Definition of Rebus
Derived from a French term, rebus, means a riddle or a puzzle. It has been in common use in the 17th century. It is stated that it is originally a Latin term with plural “res” and means the same thing.
As a literary device, rebus means the representation of words through pictures of the things with which it has some similarity. This similarity could be in syllables or individual syllables or complete sounds of the word. It could be having equal or similar phonemes in both words.
Whereas its use in literature is concerned, there are no known records of when and who used this term and in which of his works. However, it is commonly known that the Chinese and Egyptians in the ancient times used rebuses to convey messages. Therefore, some writers must have used such rebuses or devices through different numbers, letters, and musical signs.
Semantically, the use of rebus is for cryptic purposes. This could be an intention to keep things secret, or an act of espionage, or an exchange of information away from the eyes of the people. Whatever the purpose is, it has evolved overtime and has developed into a skill used mostly in espionage.
Categories of Rebus
There are no definite categories of rebus. However, it could be roughly categories according to the following criteria.
- Use of letters
- Use of words
- Use of images
- Use of pictures
- Use of shapes
- Use of sounds
- Use of symbols
- Use of abbreviations and emojis
Examples of Rebus in Literature
Max and Ruby Series by Rosemary Wells
This series by Rosemary Wells is to teach children different letters, numbers and sums. It is part of Picture Reader Series in which the stories of Max and Ruby, the bunny siblings, have been told through flash cards and pictures. Although there is no such use of rebus in purely literary terms, the use of pictures instead of words and letters show its initial usage in children literature. The series helps children match words with pictures to facilitate early learning.
“I Can’t,” Said the Ant: A Second Book of Nonsense by Polly Cameron
Although this book, too, comprises the actions and images on the opposite page or with the words and actions, it seems a good example of some of the rebuses used to teach children language arts. Although these are not traditional rebuses, they have some basic principles of using images for words and rhymes. The story revolves around Miss Teapot who falls on the floor.
Inside a Barn in the Country by Alyssa Satin Capucilli
This book is a perfect example of the use of rebuses. Yet, it is somewhat different in that it uses pictures where there should be words to facilitate the child learning. Some of the words have been replaced with images such as the mouse with the picture of the mouse and so on. This is called the use of illustrations instead of regular words and texts. For example, some of the examples in it show the picture of a mouse such as “Here is the (image of a mouse) that squeaked on the hay” and so on. Such use of rebuses is for practical purposes of teaching children.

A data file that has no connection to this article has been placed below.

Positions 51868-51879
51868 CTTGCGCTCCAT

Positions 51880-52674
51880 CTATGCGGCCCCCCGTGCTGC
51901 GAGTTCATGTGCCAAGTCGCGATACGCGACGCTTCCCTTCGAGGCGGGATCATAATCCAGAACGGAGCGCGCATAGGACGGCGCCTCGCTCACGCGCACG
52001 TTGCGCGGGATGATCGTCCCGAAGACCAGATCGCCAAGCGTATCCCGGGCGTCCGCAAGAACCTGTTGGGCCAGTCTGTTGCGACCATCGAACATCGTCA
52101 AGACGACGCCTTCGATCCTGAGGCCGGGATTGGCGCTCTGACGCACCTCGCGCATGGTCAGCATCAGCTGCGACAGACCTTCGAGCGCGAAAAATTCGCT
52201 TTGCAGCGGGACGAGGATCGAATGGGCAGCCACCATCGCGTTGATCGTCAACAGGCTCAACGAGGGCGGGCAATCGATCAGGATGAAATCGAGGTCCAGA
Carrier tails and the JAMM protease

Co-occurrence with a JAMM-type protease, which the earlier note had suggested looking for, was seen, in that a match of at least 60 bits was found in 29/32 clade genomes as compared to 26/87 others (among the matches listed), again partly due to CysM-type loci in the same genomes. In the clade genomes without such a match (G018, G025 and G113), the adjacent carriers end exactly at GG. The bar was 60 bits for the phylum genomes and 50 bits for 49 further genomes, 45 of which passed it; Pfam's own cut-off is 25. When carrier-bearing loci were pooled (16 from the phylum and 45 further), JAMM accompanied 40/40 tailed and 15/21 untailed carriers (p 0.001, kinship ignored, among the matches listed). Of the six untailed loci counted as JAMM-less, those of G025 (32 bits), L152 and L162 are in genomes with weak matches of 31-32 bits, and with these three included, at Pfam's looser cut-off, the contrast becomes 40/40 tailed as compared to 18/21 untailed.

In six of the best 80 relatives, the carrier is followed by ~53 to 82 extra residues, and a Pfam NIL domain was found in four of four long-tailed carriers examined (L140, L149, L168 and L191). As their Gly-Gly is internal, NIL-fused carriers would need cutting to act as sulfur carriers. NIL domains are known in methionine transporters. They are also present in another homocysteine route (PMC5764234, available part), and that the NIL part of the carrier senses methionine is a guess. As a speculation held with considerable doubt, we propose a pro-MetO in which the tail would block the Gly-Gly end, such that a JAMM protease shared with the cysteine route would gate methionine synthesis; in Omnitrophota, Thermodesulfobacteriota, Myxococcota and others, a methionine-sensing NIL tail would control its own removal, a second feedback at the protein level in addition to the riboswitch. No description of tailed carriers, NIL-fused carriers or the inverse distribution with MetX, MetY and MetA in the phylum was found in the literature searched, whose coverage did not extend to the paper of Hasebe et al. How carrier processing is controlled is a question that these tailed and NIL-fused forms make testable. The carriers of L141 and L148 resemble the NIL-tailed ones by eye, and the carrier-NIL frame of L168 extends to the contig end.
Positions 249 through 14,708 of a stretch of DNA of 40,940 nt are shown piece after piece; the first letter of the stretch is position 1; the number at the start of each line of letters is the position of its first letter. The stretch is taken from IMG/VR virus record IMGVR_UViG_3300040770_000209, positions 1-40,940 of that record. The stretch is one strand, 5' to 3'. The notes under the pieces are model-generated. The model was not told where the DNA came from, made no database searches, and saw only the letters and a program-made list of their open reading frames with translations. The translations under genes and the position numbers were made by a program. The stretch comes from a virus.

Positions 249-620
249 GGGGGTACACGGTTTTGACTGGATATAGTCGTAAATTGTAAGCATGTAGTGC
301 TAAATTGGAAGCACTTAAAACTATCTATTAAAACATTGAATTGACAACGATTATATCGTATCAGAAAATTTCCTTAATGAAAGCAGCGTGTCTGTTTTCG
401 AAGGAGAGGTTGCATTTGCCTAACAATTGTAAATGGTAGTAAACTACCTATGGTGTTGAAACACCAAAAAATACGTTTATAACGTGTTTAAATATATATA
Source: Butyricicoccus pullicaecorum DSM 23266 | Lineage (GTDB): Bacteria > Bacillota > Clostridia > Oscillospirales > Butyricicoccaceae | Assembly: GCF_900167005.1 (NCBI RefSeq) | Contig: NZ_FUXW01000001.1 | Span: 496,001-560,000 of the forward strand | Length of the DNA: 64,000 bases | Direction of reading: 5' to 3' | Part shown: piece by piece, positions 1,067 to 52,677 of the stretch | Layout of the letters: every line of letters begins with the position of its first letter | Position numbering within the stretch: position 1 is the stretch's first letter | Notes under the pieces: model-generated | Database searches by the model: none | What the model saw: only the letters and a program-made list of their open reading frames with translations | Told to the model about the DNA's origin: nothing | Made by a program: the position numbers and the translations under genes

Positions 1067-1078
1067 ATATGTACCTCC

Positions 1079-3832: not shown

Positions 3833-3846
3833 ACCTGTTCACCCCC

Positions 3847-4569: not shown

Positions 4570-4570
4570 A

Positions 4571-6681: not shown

Some Modern Rebuses
Some of the modern rebuses have unique features. For example, emojis used in different communication apps perfectly match their expressions in words or sounds. Such emojis convey different meanings to the intended audiences. Similarly, chatting tools have also condensed the public communication in a way that they seem rebuses used in everyday life. For example, people often use ASAP for as soon as possible and LoL for lots of laughter and so on. Some people have invented and coined their own rebuses, showing only animal, things, and objects in images to convey their messages of pleasure or displeasure. Although this is not a literary usage of rebuses, it creeps into literature when writing about cultures.
Functions of Rebus
Although rebuses are rarely used in literary texts, sometimes writers resort to using rebuses when they are writing cryptic, spy or science fiction. It is because they want to make the readers feel the suspense and deduce meanings to feel satisfied that they have gained something. Other than this, they are also useful to win readers who are curious to know more about the world of mystery and inscrutability. Also, writers use them to teach their readers different strategies to cope with comprehension and memory. They are best used to teach children with dyslexia and autism.